Child Of My Dreams

The Kraken

 

Chanson Groënlandaise

by Jules Verne (1828 – 1905)

Le ciel est noir,
Et le soleil se traîne
À peine !
De désespoir
Ma pauvre âme incertaine
Est pleine !
La blonde enfant se rit de mes tendres chansons,
Et sur son coeur l’hiver promène ses glaçons !

Ange rêvé,
Ton amour qui fait vivre
M’enivre,
Et j’ai bravé
Pour te voir, pour te suivre
Le givre.
Hélas ! sous mes baisers et leur douce chaleur,
Je n’ai pu dissiper les neiges de ton coeur !

Ah ! que demain
À ton âme convienne
La mienne,
Et que ma main
Amoureusement tienne
La tienne !
Le soleil brillera là-haut dans notre ciel,
Et de ton coeur l’amour forcera le dégel !

Greenland Song

by Jules Verne
Translation by N. D’Anvers

Dark is the sky,
The sun sinks wearily;
My trembling heart, with sorrow filled,
Aches drearily!
My sweet child at my songs is smiling still,
While at his tender heart the icicles lie chill.

Child of my dreams!
Thy love doth cheer me;
The cruel biting frost I brave
But to be near thee!
Ah me, Ah me, could these hot tears of mine
But melt the icicles around that heart of thine!

Could we once more
Meet heart to heart,
Thy little hands close clasped in mine,
No more to part.
Then on thy chill heart rays from heaven above
Should fall, and softly melt it with the warmth of love!


Giant squid and its even larger counterpart in terms of mass, the colossal squid, inhabit a wide range of north Atlantic oceans and areas around New Zealand, places where deep shelfs form in the ocean.   Due to its tendency to live and feed in the deepest parts of the ocean, the number of intact specimens in recorded history still remains under 200, but reports of giant squid sightings have occurred for thousands of years, capturing the imagination of story tellers for centuries.  As a child I remember watching the movie 20,000 leagues under the sea multiple times and being fascinated by the scene with the giant squid.   I wonder if Verne was inspired by Tennyson’s sonnet?

Jules Verne’s remarkable imagination predicted technologies that didn’t exist during his lifetime.  The fictional submarine Nautillus, functions much like a nuclear powered submarine does today, in that it could roam the oceans for vast periods of time, the 20,000 leagues in the title a reference not to the depth reached, but the distance covered without surfacing.   Verne became enamored with submarines during the 1867 World’s Fair in Paris, where he was able to examine a model of the French submarine Plongeur which had been commission in 1863. I wonder what Verne would think of the current spat between Australia, the United States and France over submarine technologies?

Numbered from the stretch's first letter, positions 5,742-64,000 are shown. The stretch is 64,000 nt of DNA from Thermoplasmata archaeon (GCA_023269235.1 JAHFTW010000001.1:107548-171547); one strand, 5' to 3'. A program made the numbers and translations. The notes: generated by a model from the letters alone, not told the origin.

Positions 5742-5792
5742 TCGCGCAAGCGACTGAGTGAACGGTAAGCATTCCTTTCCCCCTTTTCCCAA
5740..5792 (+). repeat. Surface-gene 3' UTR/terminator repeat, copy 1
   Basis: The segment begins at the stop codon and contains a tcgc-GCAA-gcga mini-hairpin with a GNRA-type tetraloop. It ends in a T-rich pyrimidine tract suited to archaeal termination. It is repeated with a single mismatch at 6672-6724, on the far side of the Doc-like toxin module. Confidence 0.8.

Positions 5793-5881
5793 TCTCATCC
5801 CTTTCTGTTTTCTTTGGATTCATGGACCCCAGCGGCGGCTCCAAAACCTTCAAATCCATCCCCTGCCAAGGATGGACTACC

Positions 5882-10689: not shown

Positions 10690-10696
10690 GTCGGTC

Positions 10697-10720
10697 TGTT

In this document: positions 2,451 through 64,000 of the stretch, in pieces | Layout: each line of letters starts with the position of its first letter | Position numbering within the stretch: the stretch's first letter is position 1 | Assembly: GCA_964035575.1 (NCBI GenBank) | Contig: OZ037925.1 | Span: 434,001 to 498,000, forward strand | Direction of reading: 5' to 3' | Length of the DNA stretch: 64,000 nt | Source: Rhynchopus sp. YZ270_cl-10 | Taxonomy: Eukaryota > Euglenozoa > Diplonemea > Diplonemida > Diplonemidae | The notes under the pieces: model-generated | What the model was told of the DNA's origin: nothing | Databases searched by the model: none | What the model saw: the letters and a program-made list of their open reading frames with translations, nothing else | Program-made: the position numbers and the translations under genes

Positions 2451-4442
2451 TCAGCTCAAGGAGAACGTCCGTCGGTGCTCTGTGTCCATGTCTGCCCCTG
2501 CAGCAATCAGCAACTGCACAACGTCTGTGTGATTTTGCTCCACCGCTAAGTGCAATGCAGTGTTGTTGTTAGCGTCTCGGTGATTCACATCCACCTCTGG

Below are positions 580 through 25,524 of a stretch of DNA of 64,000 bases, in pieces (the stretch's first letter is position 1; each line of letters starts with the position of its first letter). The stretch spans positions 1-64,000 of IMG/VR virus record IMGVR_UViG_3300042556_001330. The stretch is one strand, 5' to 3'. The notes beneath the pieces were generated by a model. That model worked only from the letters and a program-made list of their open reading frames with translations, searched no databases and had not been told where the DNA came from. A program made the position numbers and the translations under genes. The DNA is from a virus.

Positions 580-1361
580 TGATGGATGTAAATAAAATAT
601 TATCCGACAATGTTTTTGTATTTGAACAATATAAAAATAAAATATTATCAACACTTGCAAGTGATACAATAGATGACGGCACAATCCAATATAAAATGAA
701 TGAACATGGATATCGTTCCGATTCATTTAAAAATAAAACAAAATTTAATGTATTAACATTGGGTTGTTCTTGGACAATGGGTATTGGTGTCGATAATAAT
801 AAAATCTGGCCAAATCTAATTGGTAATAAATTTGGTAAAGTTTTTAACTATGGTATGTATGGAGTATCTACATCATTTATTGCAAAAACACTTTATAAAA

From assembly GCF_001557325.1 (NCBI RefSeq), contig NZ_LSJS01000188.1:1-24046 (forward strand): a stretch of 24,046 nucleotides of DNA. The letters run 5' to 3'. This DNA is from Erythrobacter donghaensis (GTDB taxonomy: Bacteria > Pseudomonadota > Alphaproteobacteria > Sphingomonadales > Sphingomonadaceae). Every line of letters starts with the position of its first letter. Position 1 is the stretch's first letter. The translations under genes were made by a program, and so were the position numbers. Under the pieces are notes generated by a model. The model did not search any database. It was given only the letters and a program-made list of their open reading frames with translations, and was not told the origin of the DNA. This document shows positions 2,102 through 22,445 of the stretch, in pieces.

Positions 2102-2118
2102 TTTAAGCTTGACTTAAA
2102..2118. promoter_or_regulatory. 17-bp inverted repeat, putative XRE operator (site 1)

Verne in many ways invented the science fiction genre, setting his novels in the second half of the 20th Century to account for the technology that didn’t exist at the time he was writing.  His novels  Journey to the Center of the Earth (1864), Twenty Thousand Leagues Under the Seas (1870), and Around the World in Eighty Days (1872) Verne’s novels have remained popular and profitable in many different languages, ranking him as the third most translated author since 1979, only behind Shakespeare and Agatha Christie.  Do you have a favorite Jules Verne novel or movie adapted from his fiction?


The Kraken

by Alfred Lord Tennyson

Below the thunders of the upper deep;
Far, far beneath in the abysmal sea,
His ancient, dreamless, uninvaded sleep
The Kraken sleepeth: faintest sunlights flee
About his shadowy sides: above him swell
Huge sponges of millennial growth and height;
And far away into the sickly light,
From many a wondrous grot and secret cell
Unnumbered and enormous polypi
Winnow with giant arms the slumbering green.
There hath he lain for ages and will lie
Battening upon huge sea-worms in his sleep,
Until the latter fire shall heat the deep;
Then once by man and angels to be seen,
In roaring he shall rise and on the surface die.

 

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A Sonnet Obsession

I am a life-long Minnesotan who resides in Minneapolis. I hope you enjoy my curated selection of sonnets, short poems and nerdy ruminations. I am pleased to offer Fourteenlines as an ad and cookie free poetry resource, to allow the poetry to be presented on its own without distractions. Fourteenlines is a testament to the power of the written word, for anyone wanting a little more poetry in their life.

2 thoughts on “Child Of My Dreams”

  1. Yes, yes! I love all of Jules Verne’s works that I have read so far and have been on a Vernequest for several years now (I am reading the French translations). Thank you for sharing these sonnets by Verne. Through my journey (no pun intended, yet intended), I found a connection to Verne and Melville, another of my favorite writers. I explored this in a recent post “Herman Melville and Jules Verne: Two underworld seas collide”.

    Like

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